by Deren Hansen
so with writers. (Or literary agents.) Anyone can hang out the
proverbial shingle and declare, "I am a writer." Perversely, there are
few milestones that unambiguously identify one as a writer: even hitting
the New York Times Bestsellers List only proves that you have written.
I'm beginning to believe there are no writers.
you've been patient to this point, you might now object that there are
obviously a great many writers. Millions of books are published each
year. Millions of people are employed in jobs whose practical output is
words on paper (or screens). Beyond that, nearly every citizen of the
literate world strings at least a few words into sentences each day.
true. And yet most of this vast army of writers write in the service of
some other purpose. Just as nearly every scientist uses mathematics to
do their work but they don't call themselves mathematicians, the
majority of people who write don't call themselves, "writers."
So what does it mean to be a writer?
the world of commercial publishing, the only writers who matter are the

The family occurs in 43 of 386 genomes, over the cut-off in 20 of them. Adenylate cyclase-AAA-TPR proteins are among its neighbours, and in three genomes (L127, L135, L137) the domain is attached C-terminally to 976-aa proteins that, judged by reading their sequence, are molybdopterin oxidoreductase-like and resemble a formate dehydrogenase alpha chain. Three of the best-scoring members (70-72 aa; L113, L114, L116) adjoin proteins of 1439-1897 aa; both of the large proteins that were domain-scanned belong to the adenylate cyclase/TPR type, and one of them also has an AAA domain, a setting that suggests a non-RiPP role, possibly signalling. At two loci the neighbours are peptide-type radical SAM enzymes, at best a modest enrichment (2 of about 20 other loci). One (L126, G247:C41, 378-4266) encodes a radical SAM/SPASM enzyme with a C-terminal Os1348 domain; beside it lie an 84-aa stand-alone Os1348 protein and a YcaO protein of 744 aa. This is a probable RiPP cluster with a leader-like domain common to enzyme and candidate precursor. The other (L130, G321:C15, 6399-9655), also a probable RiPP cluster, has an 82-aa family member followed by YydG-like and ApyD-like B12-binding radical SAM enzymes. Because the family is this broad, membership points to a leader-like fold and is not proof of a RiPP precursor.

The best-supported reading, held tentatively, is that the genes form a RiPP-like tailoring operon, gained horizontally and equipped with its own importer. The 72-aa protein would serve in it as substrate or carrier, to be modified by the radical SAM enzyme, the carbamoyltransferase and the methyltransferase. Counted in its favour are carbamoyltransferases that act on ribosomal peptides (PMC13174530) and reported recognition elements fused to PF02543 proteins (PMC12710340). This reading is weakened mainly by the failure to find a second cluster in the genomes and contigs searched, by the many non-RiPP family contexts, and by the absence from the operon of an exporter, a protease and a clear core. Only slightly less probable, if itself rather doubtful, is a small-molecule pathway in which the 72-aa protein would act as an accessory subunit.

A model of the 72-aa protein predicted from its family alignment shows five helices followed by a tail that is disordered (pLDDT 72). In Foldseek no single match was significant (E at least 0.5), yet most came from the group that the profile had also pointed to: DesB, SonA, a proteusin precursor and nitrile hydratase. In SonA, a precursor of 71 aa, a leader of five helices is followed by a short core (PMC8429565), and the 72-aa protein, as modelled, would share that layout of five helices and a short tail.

ones who have enough of a following that every book they release is a
In the world of the literati,
the only writers who matter are the ones (usually dead) who have
produced the masterworks that they endlessly discuss.
It's pretty slim pickings if you're looking for a role model.
Which is precisely the point.
are like curry: it's an approach to preparing the food, not a
particular dish. There is no single approved model of success or failure
as a writer. Rather, like an entrepreneur, there's a world of
opportunity and any number of creative ways to take advantage of those
Unlike other professions, where the pathway to achievement is clearly marked, writers have a blank page.